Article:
As Women's Ministry Director at our church, I have a burden for women and the heavy loads they carry.....that steal life from these women and their families. We have to learn to draw the line guarding our lives and our families. Thanks Lisa....I so enjoy your blog. You have become an online mentor to me.

Craig said...

this is so good Lisa – I heart how you write about a book – and you show the worth of a book – and yet for a person like me who doesn't have the time to do what I do – and sleep as little as I do – to fit in anything more than following my dream - I don't even have enough time to read all the blogs I heart!! And yet I'm thinking that if you don't create the "margins" sometimes I they get created for you – and it's probably best to have them created by your own choosing. I get it. And I'm really glad I got to read this – I always walk away better for having read you. God bless and keep you Lisa – and God bless and keep each and every one of yours this day.

Katie said...

I have been learning about Margin in another book lately: Good and Beautiful Community. It is hard.

Lisa notes... said...

I know what you mean about even being in the house, we can overload. All I need is a laptop and I could stay “busy” forever. Sigh. It’s hard to find balance, regardless of whether we work outside the home or not, have children or not, on and on.

My neighbor and I always talk about needing some “porch time” together, especially since she just became an empty nester this week. But we rarely do get together, even as close as we live. The pace of life grabs us and runs.

Glad you’re able to comment again. It’s always nice to be able to interact and not just read.

Lisa notes... said...

I kept hearing about this book and thinking “I need to read that!”, then finally saw it free on the Kindle few months ago and grabbed it. I’m really glad I did.

But the hard work is still ahead which is for me to pare back some things, AND to work on my contentment levels, understanding that God is indeed enough and that he will always give me enough time to do what HE wants me to do.

I imagine you are very much overwhelmed with all the balls you are juggling both professionally and in your family life. I do pray that you are able to find balance in letting God nurture YOU too. You have a lot on your shoulders and you need to stay strong and healthy for months ahead, as well as for now.

Take care and may God continue to bless you with everything you need!

Lisa notes... said...

I love how the Lord is so patient and persistent to send us the same message from multiple places when he has a lesson to teach us.

“Being instead of Doing”—that is a lesson that we all need to be reminded of over and over. It sounds as if the Lord has you placed in a position where you can be such a helpful influence in passing along that message.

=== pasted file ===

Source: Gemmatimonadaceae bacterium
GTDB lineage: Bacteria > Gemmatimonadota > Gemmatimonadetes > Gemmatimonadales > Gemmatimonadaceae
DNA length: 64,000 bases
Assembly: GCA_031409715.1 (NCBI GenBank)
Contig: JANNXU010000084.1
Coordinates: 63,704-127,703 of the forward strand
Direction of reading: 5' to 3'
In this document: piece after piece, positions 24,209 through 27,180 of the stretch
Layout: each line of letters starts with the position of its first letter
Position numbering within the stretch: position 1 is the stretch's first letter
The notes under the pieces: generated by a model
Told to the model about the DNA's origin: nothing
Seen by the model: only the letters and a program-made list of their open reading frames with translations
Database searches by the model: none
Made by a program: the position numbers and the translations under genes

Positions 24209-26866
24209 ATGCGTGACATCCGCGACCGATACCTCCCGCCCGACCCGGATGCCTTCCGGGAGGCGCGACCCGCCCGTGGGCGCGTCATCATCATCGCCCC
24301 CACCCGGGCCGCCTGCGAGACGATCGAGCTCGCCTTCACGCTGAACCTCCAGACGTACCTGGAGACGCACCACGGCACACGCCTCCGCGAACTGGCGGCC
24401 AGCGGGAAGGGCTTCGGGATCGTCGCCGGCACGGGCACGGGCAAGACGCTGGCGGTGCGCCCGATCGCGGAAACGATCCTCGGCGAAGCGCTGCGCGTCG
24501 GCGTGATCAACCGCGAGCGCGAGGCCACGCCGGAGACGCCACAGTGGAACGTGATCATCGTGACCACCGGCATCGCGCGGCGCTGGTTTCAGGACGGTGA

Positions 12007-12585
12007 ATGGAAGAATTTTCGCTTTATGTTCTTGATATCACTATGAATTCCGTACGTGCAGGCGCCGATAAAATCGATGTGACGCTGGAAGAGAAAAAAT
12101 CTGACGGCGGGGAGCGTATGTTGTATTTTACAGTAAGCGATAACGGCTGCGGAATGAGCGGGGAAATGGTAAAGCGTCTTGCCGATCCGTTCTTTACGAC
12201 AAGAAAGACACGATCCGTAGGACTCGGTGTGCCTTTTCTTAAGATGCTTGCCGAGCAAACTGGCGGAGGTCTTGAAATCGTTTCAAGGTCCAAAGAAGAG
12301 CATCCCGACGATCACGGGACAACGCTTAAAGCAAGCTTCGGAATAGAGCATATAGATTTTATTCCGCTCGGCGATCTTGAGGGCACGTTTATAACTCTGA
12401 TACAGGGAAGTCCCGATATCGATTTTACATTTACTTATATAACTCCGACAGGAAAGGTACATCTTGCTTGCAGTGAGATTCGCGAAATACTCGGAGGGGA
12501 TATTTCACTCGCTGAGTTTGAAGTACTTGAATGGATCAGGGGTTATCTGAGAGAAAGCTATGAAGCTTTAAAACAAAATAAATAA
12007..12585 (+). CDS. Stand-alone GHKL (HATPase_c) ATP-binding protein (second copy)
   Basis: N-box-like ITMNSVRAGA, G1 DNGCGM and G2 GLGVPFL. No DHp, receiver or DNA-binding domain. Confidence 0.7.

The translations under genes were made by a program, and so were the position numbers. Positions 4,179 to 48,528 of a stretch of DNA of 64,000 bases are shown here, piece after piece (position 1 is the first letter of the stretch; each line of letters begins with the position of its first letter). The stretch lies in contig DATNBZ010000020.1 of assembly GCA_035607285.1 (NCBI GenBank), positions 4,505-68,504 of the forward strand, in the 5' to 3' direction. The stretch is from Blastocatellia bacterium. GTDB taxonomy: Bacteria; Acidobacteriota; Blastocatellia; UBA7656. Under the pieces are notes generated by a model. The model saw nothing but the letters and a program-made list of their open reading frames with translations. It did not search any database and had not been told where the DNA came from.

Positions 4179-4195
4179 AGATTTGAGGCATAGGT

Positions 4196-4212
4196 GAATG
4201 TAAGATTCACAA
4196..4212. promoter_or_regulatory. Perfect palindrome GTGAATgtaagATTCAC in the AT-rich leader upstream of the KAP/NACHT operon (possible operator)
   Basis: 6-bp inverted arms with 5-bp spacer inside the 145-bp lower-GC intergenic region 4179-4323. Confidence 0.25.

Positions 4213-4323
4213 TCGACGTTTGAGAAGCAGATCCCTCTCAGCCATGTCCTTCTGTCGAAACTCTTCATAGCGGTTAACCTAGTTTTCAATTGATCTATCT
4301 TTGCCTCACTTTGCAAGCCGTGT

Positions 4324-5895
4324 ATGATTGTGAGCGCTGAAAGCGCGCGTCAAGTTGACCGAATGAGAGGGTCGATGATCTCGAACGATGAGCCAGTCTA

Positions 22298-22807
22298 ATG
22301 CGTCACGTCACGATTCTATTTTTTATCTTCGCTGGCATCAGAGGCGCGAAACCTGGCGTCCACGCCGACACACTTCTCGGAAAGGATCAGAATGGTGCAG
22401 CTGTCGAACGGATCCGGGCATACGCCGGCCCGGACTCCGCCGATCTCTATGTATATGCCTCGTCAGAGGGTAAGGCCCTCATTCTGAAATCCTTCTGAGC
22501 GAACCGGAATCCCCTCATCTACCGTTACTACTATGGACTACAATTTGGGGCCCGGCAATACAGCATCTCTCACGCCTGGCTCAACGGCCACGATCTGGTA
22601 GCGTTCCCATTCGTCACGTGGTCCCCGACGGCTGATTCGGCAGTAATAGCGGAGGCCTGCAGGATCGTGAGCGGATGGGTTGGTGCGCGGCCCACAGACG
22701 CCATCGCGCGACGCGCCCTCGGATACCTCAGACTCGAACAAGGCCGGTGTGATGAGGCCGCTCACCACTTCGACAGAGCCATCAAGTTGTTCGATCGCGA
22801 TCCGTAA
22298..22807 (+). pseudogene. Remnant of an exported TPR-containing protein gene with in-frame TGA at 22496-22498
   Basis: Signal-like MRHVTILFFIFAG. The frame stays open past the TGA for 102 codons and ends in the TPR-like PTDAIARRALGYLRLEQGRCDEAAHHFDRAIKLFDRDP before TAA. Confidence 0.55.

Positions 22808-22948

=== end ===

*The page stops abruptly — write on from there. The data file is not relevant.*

I am blessed that you read my blog. I love how we can all learn from each other and be encouraged to follow the Lord in our own little corners of the world (or state, as our case may be!).

Saleslady371 said...

I like the counter-habits! Very interesting read.

Barbara H. said...

I love that last segment, that we love God and the people He has placed in our lives 100% all at the same time. That's a little daunting except for grace.

The older I get, the more I find I need to make time for margins.

Janet said...

This is the kind of book review I love -- informative about the book, but also about its impact on you personally. Sounds like a winner. Thanks for this!

Susannah said...

Now this looks like an excellent book, Lisa. And how appropriate for a medical doctor to write it! (I hope he's promoting his concept amongst his colleagues.)

Adding Margins to my wishlist!

"Godliness with contentment is great gain."

Bobbi said...

I am I carefully build in some margin...that the Christians around me (on the whole) aren't very understanding of the concept of margin building. Instead, I receive buckets of if to say..."you wanted margin in your golly we'll give it to you."

bekahcubed said...

This sounds like a wonderful book. I love your closing comments "How much do I trust God with allocating the resources he’s given me?" Because really that's what it's about, isn't it?

Do I trust God to take care of my job when I have to leave work unfinished when I leave for the night? Do I trust God to provide for my needs when I need to take a day off, unpaid? Do I trust God to provide for all those needs I see even if I am not the one meeting those needs?

Do I trust God enough to allow a margin?

Charlotte said...

Interesting post. Interesting book. I've noticed when I get mentally overloaded, I kind of freeze up kind of like a computer.
Thank you for sharing.